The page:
Let’s think of a national reading month, or a week, or just a day. Oh, that reminds me of a national writing month, or a week, or just a day for writing.
Right, we don’t have anything like that.
Well, maybe, we do.
If we can consider February as the month for reading, then we have a month-long reading festival. However, our February has been a festival for publishing and selling books.
We could call it a book month, a book festival. We Bengalis get immensely enthused about books and literature when it’s February. But we never thought of arranging a month for reading, a week or a month for writing, or even a week for the writers around.
Many would argue, saying that we have more than 500 days to observe a year; what’s the use of adding more days, weeks, and months to our already-congested observation rituals? Would they add any value to our lives?
Trust me, these are the right questions to ask from a commoner’s point of view. Because we observe so many days in our state-orchestrated environment, we sometimes lose track of the days that we observe; but we never see any reflection of those days in our lives.
However, if we introduce a national reading month for everybody, do you think nothing would happen? In a reading month, the parents would take extra care to teach their children how to read various types of texts; this would create a more reading-friendly society and facilitate better bonding between children and parents.
The established writers would read out their works in the media so that others are inspired to write.
If we run a survey among children about reading books, we might get some scary statistics. The objective of a reading month would be to give the young readers the opportunity to be exposed to more books, and hopefully make a habit of reading.
If we take just 15 minutes every day in the month, parents, librarians, and teachers could help promote the importance of reading, writing, and literacy. In a reading month, we could teach our children how to do research. All public libraries could organise reading sessions at their premises.
Bangladesh does produce creative writers, but we have a serious lack in terms of science writing. We produce a great deal of poems, novels, and history texts every year, but there’s very little that we do when it comes to biology, physics, chemistry, and other science subjects. Our publishers can take the lead in encouraging the writers to write more on science subjects.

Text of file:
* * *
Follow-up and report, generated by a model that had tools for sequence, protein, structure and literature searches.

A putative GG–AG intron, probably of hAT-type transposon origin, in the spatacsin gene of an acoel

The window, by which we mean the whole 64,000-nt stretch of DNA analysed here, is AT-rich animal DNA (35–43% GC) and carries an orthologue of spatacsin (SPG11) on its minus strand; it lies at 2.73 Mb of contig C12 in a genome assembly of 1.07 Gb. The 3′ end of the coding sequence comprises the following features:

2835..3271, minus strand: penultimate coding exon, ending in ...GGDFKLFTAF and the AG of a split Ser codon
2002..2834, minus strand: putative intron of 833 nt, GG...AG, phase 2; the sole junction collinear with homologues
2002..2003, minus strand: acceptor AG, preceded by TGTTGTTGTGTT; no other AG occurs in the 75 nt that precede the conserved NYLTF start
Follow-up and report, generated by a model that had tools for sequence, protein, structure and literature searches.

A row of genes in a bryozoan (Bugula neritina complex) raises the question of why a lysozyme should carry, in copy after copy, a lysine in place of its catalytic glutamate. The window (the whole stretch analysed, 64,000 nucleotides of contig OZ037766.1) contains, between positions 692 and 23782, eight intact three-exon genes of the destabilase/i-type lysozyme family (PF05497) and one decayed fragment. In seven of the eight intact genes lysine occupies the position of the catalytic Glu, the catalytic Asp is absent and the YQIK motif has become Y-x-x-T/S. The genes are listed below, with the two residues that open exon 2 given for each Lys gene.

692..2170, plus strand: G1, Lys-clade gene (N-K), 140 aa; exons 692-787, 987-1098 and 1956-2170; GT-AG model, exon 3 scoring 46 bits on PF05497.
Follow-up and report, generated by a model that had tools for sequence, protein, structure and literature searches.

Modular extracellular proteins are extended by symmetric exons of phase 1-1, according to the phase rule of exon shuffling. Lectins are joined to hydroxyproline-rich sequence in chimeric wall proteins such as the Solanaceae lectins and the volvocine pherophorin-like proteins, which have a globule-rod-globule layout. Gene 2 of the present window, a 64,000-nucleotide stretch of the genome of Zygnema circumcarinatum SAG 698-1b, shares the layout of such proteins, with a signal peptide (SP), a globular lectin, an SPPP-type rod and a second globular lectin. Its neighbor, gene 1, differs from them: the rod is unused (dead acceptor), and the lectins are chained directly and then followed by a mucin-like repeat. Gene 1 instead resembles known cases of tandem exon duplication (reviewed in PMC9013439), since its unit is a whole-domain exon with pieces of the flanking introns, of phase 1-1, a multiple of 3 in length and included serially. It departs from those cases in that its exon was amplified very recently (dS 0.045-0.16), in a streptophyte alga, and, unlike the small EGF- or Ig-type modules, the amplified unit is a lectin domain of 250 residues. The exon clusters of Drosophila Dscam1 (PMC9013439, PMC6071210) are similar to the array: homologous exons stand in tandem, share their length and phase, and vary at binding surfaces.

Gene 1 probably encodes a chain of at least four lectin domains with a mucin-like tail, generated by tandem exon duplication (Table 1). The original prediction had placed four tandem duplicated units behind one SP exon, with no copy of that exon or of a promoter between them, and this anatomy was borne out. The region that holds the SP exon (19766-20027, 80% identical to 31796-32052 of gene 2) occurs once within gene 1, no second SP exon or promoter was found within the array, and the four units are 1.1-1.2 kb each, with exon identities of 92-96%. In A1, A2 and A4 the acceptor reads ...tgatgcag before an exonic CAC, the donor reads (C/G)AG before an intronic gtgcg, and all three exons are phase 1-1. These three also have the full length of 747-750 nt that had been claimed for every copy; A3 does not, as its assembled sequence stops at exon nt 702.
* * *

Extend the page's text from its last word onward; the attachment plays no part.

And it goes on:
There are many universities across the world that organise writing weeks for their students, not just for the departments of language and literature, but for all the students.
The objective of a reading month would be to give young readers the opportunity to be exposed to more books, and hopefully make a habit of reading
Imagine our Dhaka University running a writing week for its students! In a specific week, each and every student of the university is writing something. Organising a writing week at a university doesn’t just boost a university’s image, it also imbues the sense of creativity among the students, and raises awareness among them about communication techniques in the form of expressing themselves.
Our universities teach volumes of theories but there’s hardly any course for the students on writing. Our university administrations may think of inviting the publishers to run reading and writing workshops for their students. I’m sure the publishers would be very happy to do that.
Writers in many cities are seen arranging writers’ weeks on their own volition. They gather, they talk, they discuss their own works and they run various types of writing workshops for the potential new writers.
Recently, we did see some initiatives like that; an organiser with the help of British Council brought Hay Festival to Dhaka. Then we saw Dhaka Lit Fest being organised for the last three years.
I’m sure there are many literature festivals in the form of seminars, discussions of books, and book-launching ceremonies being organised across the districts. Sometimes, we do get news of those small-scale initiatives, but we don’t see the news being treated with affection. The organisers don’t also think of sending the news across.
Many of our universities have book clubs, but we never see the media talking about their activities. Organisers don’t think of communicating their programs to the media.
I’ve seen a great many people dream of writing in newspapers. However, they don’t have any idea of how to send in their pieces to the papers; they seem quite scared of sending their write-ups to the newspapers because they don’t know whether the papers would publish their pieces.
The papers could think of working in this area. They could start encouraging their readers to write on a much bigger scale.
Ekram Kabir is a fiction writer and a columnist.